Doing so actually helped out, due to the way you develop your characters. You do gain experience after battles and level up like in a standard JRPG, but you can also get additional stat boosts through a system that reminded me of a simplified Sphere Grid from Final Fantasy X. Each node on the grid unlocks stat boosts and affinity toward different magic elements (allowing you to use higher-powered magics), but unlocking nodes requires spending ragnite – the same items that you equip to characters to unlock magic. Ragnite isn’t cheap or common to obtain, especially higher-powered ones, so it’s a constant battle between using what you have in battle, or spending it to unlock stat boosts.
Despite some misgivings I have with the various systems, battles themselves are quite fun. You can switch between which squadmate you’re controlling at the push of a button, and the rest run off of AI commands that you can set in the game menu. The AI isn’t perfect (I can’t count the number of times a squadmate would chill out in the middle of a telegraphed AOE attack), but it’s capable enough that you won’t feel like you’re just carrying your team solo. I did run into an issue of my character getting stuck inside larger enemies when attacking them – an annoyance, but one I was able to look past.
The graphical presentation…this is something I’m very conflicted on with Revolution. On one hand, I love the character designs. The character designer definitely loves leather belts, but the designs are nicely detailed and each character’s look fits their personality. The various battlefields you’ll find yourself in are attractive as well, although not particularly varied some of the time.
The animations, though. Cinematic cutscenes are handled fairly well, but the overbearing amount of dialogue cutscenes includes a lovely lack of lipsynching and jerky motions and animations…should the characters decide to animate at all. Animations during battle are decent, but there’s a noticeable lack of in-between frames when switching between different attacks and motions. The lipsynch issue I want to point out in particular, as it’s not just mouth flaps not being timed to the dialogue. Oftentimes, mouth animations are so slight that it’s impossible to see movement at all, and I found it difficult to keep track of who was even speaking in some scenes.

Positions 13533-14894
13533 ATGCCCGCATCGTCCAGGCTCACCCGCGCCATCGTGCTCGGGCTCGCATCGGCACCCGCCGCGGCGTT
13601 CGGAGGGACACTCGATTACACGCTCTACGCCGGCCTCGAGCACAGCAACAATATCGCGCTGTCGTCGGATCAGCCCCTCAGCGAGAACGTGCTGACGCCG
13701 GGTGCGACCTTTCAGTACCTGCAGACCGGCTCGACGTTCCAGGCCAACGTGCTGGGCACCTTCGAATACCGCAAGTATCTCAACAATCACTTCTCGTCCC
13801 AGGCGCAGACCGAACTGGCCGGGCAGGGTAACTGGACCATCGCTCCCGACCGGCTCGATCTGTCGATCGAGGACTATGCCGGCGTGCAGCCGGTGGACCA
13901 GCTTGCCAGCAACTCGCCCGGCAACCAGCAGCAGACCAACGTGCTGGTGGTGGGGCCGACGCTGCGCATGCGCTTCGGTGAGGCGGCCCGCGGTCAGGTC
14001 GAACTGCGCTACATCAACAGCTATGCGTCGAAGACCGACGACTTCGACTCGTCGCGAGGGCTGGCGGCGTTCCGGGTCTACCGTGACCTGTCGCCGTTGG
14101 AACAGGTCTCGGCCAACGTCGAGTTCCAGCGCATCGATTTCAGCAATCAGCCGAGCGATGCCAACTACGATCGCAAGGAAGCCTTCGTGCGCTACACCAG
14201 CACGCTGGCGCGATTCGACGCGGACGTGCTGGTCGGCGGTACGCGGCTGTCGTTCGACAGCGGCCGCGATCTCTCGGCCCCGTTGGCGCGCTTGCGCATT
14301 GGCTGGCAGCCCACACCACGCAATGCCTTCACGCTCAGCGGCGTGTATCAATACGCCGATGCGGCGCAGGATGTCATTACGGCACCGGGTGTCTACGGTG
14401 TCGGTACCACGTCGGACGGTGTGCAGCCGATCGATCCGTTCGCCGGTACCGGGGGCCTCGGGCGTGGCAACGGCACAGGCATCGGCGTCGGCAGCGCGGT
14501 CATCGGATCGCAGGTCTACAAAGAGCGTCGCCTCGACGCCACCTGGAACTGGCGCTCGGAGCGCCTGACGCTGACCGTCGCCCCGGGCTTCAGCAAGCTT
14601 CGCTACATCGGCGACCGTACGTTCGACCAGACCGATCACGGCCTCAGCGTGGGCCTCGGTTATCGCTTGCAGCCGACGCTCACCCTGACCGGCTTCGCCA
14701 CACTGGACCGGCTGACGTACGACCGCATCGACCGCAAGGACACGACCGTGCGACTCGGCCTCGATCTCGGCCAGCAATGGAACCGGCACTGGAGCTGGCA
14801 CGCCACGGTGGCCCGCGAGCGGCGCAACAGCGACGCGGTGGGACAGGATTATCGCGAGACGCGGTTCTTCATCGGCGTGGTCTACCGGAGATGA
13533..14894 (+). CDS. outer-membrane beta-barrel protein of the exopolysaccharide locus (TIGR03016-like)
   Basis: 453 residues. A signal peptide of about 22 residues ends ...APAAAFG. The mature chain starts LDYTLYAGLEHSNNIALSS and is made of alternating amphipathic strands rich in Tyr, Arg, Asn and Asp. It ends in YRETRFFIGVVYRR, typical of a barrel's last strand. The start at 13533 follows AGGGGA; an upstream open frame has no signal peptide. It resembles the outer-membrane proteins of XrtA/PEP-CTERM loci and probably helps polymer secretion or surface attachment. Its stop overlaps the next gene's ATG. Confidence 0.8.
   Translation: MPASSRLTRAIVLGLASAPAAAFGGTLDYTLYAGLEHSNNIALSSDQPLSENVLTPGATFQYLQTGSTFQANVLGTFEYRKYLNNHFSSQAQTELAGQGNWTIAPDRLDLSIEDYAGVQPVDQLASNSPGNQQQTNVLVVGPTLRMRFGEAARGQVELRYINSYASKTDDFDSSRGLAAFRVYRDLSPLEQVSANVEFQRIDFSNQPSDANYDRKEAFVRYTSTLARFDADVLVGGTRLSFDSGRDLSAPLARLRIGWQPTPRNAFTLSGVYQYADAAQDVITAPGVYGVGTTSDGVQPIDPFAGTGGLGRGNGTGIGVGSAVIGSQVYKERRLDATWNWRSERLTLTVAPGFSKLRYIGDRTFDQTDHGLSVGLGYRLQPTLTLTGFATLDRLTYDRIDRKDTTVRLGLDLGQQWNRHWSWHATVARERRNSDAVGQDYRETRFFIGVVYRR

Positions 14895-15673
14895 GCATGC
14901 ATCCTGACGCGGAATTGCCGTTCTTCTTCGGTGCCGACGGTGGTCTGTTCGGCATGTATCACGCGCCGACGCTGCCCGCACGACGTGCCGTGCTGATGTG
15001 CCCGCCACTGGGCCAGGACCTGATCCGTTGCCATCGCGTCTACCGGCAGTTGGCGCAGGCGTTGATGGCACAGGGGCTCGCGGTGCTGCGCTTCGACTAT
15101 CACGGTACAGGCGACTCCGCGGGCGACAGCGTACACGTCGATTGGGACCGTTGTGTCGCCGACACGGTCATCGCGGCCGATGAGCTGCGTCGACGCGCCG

I will note that I ran across some slowdown and framerate drops in battle, but it happened rarely. Most of the time, Revolution keeps up well graphically. The slowdown usually happened if I was stuck fighting in a small area against an overwhelming amount of enemies.
The composer behind Revolution is Yasunori Mitsuda, a prolific name in the gaming industry. He had a hand in our previously reviewed Stella Glow, which has a beautiful soundtrack, and both Chrono games, of which I consider Chrono Cross to have the best game soundtrack I’ve heard.
I am glad to say, then, that this game’s soundtrack lives up to the expectations. The standard background music is a bit understated, but wonderfully composed, mostly featuring full orchestral arrangements. It’s the occasional vocal track, though, that absolutely blew me away. Revolution features a number of hauntingly beautiful vocal pieces that stand above just about everything else in the game.
Unfortunately, I can’t lavish the same praise on the voice work. Most of the primary players in the story give halfway decent performances, but with the aforementioned banal dialogue throughout the game, even the best actor or actress would be forced into a disappointing display. Many of the antagonists have laughably cliche villain performances as well, and many of the spoken lines in general are often performed with awkward or just plain wrong emotion.
A Flawed Return
Overall, Valkyria Revolution tries some interesting things and succeeds occasionally, but the entire package is brought down by over-focus on its rather dull plot. Sitting through an hour of pointless dialogue between each quick moment of gameplay is not my idea of a good time. I actually enjoyed the core gameplay, despite the vast departure from previous series entries, but it never felt like there was enough of it. Revolution is just too focused on its plot…which I wouldn’t mind, if the game actually had an entertaining story to tell.
Bring in to this the lack of polish in animations and voice overs, as well as the confusingly common loading screens, and you wind up with an underwhelming game that had the chance to be so much more. It’s even more disappointing that this is the first Valkyria game released in the west in seven years, and many were hoping for a triumphant return.
The core gameplay is fun, despite a few annoyances in design choice, but the package as a whole is painfully mediocre. For fans of the series that have been waiting to return to the world of Valkyria, I’m saddened to say that this opportunity isn’t really worth your time.
~ Final Score: 6/10 ~
Review copy provided by Sega. Screenshots taken by reviewer.